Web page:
The Canucks overhauled their defence on the first day of free agency, signing Tyler Myers and Jordie Benn. Canucks general manager Jim Benning made it clear, however, that he wished they could have done more to address the team’s needs at forward.
A combination of the Canucks’ big contracts for bottom-six forwards and the Roberto Luongo cap recapture penalty, which Benning called “a kick in the shins,” limited their ability to pursue a top-six forward. Gustav Nyquist had been connected to the Canucks in rumours, but they just couldn’t fit him and his eventual $5.5 million cap hit in their salary cap while leaving room to re-sign restricted free agents Brock Boeser and Nikolay Goldobin.
After the frenzy of July 1st, however, there was a lull as the secondary market opened up: free agents that weren’t as hotly pursued, but could still be difference makers. On Wednesday, the Canucks added some grit and goals by signing Micheal Ferland, the team’s one-time nemesis, to a four-year contract with an average annual value of $3.5 million.
The last time the Canucks made the playoffs was in 2015. They lost in the first round to the Calgary Flames and Ferland, then with the Flames, played a significant role in the series. Perhaps his influence was overstated, but he was a physical force on the forecheck, causing seemingly endless turnovers, and
Kevin Bieksa tried to shrug him off as “irrelevant” halfway through the series, but then Ferland capped off his performance with two goals and three points in the deciding Game 6. A rookie that wasn’t even expected to be in the Flames lineup became a focal point for the entire series.
Ferland has spent the years since that series establishing that it wasn’t just a fluke or a set of fortuitous circumstances. He’s tallied at least 40 points in his last two seasons, accomplishing that with two different teams in the Calgary Flames and Carolina Hurricanes. Instead of just the third-line grinder he appeared to be back in 2015, he’s become a complementary top-six winger.
What Ferland brings to the table is a gritty game with surprising skill, which should be a nice fit alongside Elias Pettersson, Bo Horvat, or even Adam Gaudette on a scoring third line. He can throw crushing hits with his 6’1”, 217 lbs frame, but also finesse the puck into the net.
There’s a lot to like about Ferland, but there are some red flags, beyond the ones on the Carolina Hurricanes' third jerseys. One is that at 27, he’s at the end of his prime, so could see his play start to decline over the next four years, though he’ll still only be 30 at the end of his contract.
Another is that Ferland’s underlying numbers show a player that doesn’t drive puck possession. His heatmap from Hockey Viz shows a player that is below-average both defensively and offensively at even-strength, though he’s an above-average finisher and solid on the power play. He also draws more penalties than he takes, which makes sense given his agitating style of play.
Then there’s the history of concussions. That has to be a concern for someone like Ferland that plays a heavy-hitting game and needs to play on that edge to be effective. A four-year term might be an issue in that regards.
Ferland also got a no-movement clause, that becomes a modified no-trade clause in time for him to be exposed in the Seattle expansion draft. Depending on how modified that no-trade clause, it could make it difficult to trade Ferland in the future.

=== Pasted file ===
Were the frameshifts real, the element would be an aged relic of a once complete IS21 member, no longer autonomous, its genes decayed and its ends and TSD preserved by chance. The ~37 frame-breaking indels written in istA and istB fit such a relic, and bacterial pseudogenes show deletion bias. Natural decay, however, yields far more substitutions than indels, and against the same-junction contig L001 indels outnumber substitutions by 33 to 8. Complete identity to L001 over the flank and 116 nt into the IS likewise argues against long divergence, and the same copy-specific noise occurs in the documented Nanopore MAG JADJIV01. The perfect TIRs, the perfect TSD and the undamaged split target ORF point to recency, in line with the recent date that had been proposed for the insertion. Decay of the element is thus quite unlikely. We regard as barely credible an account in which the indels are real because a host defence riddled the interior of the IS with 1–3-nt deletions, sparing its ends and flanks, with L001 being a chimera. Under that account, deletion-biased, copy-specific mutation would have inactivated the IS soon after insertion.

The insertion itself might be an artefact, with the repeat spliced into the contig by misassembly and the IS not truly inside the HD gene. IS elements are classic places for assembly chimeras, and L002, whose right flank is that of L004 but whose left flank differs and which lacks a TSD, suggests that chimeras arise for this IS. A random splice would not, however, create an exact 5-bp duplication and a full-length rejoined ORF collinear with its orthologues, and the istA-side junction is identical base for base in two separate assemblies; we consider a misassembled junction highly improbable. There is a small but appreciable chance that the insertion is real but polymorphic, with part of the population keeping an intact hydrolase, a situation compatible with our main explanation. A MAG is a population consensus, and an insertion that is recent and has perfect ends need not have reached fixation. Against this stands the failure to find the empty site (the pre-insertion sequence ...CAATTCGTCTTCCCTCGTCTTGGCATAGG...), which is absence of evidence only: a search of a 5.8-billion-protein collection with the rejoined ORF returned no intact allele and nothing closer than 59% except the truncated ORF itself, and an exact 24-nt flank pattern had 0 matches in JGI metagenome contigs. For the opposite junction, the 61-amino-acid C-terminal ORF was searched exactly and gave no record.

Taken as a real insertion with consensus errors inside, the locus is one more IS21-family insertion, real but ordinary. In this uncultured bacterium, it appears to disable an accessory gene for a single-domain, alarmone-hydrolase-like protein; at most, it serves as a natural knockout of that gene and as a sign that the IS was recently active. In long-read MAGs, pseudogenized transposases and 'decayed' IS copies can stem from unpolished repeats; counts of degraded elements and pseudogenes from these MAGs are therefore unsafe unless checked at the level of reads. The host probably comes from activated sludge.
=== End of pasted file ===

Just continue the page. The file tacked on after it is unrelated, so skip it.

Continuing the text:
My understanding is that #Canucks were the only team willing to give Michael Ferland 4 years. Other teams were involved but on 3-year deals. His NMC turns into a modified NTC for 3rd year of deal so he does not require expansion draft protection.— Matthew Sekeres (@mattsekeres) July 10, 2019
Ferland’s signing also raises a lot of questions about the Canucks’ potential lineup. Ferland is yet another left winger on what is becoming a crowded left side, though he can also play on the right. Does Ferland push Tanner Pearson down to the third line? What does this mean for Sven Baertschi and Josh Leivo? If Ferland or J.T. Miller move to right wing, will Jake Virtanen ever get a sniff at top-six ice time?
More importantly, Ferland’s signing makes for an interesting salary cap crunch with new contracts looming for Brock Boeser and Nikolay Goldobin.
If the Canucks want to sign Boeser to a long-term deal, they’re likely looking at a $6.5 to $7 million cap hit. As it currently stands, they can make that cap hit work by sending Adam Gaudette to the AHL, waiving Tim Schaller, and putting Antoine Roussel on the IR. That leaves little-to-no room for Goldobin, though that is admittedly a smaller concern at the moment.
What happens when Roussel returns, however? Can the Canucks rely on a seemingly inevitable injury to clear up enough cap space when he comes back? That’s a dangerous game to play.
Moving out a contract would make things a lot more comfortable and also allow the Canucks to get the full cap benefit of putting Roussel on LTIR. Perhaps the addition of Ferland makes Sven Baertschi expendable in the eyes of the Canucks and they try to trade him. Alternatively, they could look to clear up some serious cap space by finding someone willing to take the Loui Eriksson contract, along with a sweetener, or a trade partner looking for a veteran bottom-six centre like Brandon Sutter.
There are also the long-term cap implications to consider. Ferland adds another contract when Elias Pettersson, Quinn Hughes, and Thatcher Demko need new contracts in 2021. While there will be a decent amount of money coming off the books before then, it’s something to consider.
Ferland makes the team better for next season, though he’s more of a complementary player than someone that drives a line. Does he move the needle enough, along with the other additions, to make the Canucks a playoff team? That remains to be seen.